It's difficult to see how the "defensive medicine" line would have changed. It's unlikely that the doctor who is inclined to order unnecessary testing is fretting, "Oh no, if I mention the test there's a one in four chance that they have a high copay and they might refuse it," or "Oh no, if I mention the test they may have insurance that requires pre-authorization and the request may be denied." If they don't mention the test to the patient they're right where they would be without "practicing defensive medicine" - they can still be accused of not mentioning or ordering the test. If they recommend the test and don't push the patient to fight an insurance company denial or to pay the copay, they are similarly exposed.
If the assumption is that certain doctors will liberally prescribe medically unnecessary tests only if they don't expect to encounter friction - only if they expect an insurance approval, and only if they believe that the patient's contribution to the cost of the test will both be known to the patient in advance and not scare off the patient - then "defensive medicine" really translates into, "I'll order whatever testing I think the insurance company will pay for." There's a madness to that method, as there's always one more test you could order and, frankly, the patients with the best insurance likely fall within the population that is least likely to sue.
It could be hypothesized that the economic changes have forced a learning process on the part of doctors - that frivolous malpractice lawsuits are so rare, ordering unnecessary medical testing has no meaningful impact on whether or not any given doctor gets sued. But then, as Samuelson notes, there's the elephant in the room:
Finally, some reimbursement rates fell. In 2005, Congress mandated that Medicare couldn’t pay free-standing imaging centers — often owned by doctors — more than it paid hospitals for outpatient imaging. This “reduced profits for imaging centers and resulted in extensive consolidation in the industry,” the study said. Under complex reimbursement rules, doctors had incentives to establish imaging centers or install scanning devices in their offices, says Levy. And these imaging centers seemed “particularly active in stimulating demand.”That is, it appears that the leading cause of unnecessary medical imaging, performed at the highest cost, was physician self-referral - sending patients to receive tests at centers owned in whole or in part by the doctor making the referral, with the referring doctor having both the need to keep his imaging center busy and receiving a share of its profits. No, I'm not going to argue that this was a standard practice across the board, and even within the context of self-referral I'll give the majority of doctors the benefit of the doubt, that they referred patients to their own clinics for tests they would have ordered anyway - the difference being much more one of where the test is performed than whether it is ordered. But self-referral has long been identified as one of the leading causes of unnecessary medical testing, a genuine, documented cause of medical inflation.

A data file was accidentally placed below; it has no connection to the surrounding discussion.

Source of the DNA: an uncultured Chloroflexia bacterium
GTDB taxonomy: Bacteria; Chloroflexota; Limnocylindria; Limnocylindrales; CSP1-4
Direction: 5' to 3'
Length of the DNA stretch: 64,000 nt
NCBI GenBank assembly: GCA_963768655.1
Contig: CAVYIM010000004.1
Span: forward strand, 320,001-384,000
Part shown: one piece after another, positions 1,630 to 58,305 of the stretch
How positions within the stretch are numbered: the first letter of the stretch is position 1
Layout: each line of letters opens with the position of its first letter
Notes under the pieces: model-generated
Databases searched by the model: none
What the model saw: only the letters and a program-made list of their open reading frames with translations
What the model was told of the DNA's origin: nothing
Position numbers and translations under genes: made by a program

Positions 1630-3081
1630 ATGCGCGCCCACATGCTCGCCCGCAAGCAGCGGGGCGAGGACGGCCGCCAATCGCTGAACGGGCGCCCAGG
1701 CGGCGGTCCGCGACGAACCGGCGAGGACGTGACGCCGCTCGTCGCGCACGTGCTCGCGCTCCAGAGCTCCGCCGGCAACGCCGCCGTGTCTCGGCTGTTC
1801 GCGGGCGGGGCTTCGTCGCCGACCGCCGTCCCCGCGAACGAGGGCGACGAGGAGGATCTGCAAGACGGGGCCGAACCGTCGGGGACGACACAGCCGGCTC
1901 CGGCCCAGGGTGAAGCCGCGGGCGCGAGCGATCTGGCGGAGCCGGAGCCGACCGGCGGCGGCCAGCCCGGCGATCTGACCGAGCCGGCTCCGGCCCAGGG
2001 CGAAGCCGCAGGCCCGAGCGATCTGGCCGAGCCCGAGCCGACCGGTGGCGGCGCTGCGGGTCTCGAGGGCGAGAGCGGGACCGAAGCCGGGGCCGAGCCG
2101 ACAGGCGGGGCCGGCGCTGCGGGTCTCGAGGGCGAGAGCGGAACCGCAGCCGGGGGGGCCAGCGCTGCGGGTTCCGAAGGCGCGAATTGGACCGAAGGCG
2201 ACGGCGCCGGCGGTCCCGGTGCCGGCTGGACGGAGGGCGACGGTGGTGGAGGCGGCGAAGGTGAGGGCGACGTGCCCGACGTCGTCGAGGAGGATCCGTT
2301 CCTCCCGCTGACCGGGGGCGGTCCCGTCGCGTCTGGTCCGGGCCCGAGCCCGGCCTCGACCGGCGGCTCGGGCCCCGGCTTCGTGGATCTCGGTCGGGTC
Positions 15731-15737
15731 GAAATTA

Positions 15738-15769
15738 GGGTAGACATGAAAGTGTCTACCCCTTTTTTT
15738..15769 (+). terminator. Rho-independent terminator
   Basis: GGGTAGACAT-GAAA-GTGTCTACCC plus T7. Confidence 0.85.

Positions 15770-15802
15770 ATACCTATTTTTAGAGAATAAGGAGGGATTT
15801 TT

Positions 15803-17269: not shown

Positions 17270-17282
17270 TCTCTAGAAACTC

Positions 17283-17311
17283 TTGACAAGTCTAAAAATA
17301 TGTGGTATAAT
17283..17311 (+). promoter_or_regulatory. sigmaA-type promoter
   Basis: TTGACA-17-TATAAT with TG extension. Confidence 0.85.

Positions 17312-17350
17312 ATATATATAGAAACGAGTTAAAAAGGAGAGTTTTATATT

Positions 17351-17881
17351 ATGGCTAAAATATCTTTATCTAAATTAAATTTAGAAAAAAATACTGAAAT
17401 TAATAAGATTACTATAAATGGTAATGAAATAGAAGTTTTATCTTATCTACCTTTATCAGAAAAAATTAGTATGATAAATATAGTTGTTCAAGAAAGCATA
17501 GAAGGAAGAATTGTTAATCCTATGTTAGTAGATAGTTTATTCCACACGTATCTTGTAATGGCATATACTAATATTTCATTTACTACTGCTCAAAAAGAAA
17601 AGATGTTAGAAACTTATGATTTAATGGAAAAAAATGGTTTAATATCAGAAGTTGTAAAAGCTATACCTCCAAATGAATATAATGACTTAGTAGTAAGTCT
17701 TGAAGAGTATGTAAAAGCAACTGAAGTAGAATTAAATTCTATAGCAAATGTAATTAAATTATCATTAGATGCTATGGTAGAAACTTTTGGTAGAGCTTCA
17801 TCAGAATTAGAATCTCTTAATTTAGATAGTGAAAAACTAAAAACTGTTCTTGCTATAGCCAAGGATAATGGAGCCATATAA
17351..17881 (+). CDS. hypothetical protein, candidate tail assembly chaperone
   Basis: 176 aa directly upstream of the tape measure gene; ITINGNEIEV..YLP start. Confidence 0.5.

It is easy to understand why a doctor does not want to be accused of malpractice under any circumstances, and why a doctor would want to avoid being sued even in a context in which he will easily defeat the suit in the early stages of litigation. People who argue that "defensive medicine" plays a large role in the cost of medicine ignore the fact that to the extent that "defensive medicine" exists, it is largely driven by emotion. Were "defensive medicine" is driven by facts, you would expect to see a reduction in low-value medical testing when the rate of malpractice lawsuits drops. Yet the prevalence of low-value testing and the cost of medical care is not correlated to the number of malpractice lawsuits. If doctors believed that certain expensive tests were necessary to avoid potential lawsuits, even if not medically necessary, you would see them pushing patients to pay for the tests and fighting insurance companies to gain approval. Instead you see them deferring to insurance companies or, it would seem, not even mentioning to patients tests that might stretch the patients' pocketbooks.
What you do see through studies such as the one Samuelson describes is that you can reduce the number of low-value tests across the board by changing the economic environment for such testing. That is, whether referrals for low-value testing are driven by a strong desire to diagnose a tricky condition, self-referral and profiteering, or "defensive medicine", there appears to be an across-the-board reduction in the number of such referrals when you change how you compensate doctors for the tests and the amount that patients must contribute in order to obtain the low-value test. Rates of malpractice litigation, damages caps and the like don't matter.
As long as any malpractice lawsuits are allowed, you're going to see doctors express that they fear frivolous lawsuits. History tells us that, short of a grant of absolute immunity, changing the tort system won't affect how doctors practice medicine. (The prior, ugly history of when doctors were all-but-immune from malpractice litigation should not be forgotten.) But, to the extent that defensive medicine even exists, if you can eliminate most or all "defensive medicine" by adjusting financial incentives, it's a peripheral issue - something that can be successfully addressed through indirect, economic reforms. Given that despite years of debate, there's still no consistent definition for or objective measure of what constitutes "defensive medicine", and "tort reform" has had no impact on its supposed practice, focusing on economics seems like the way to go.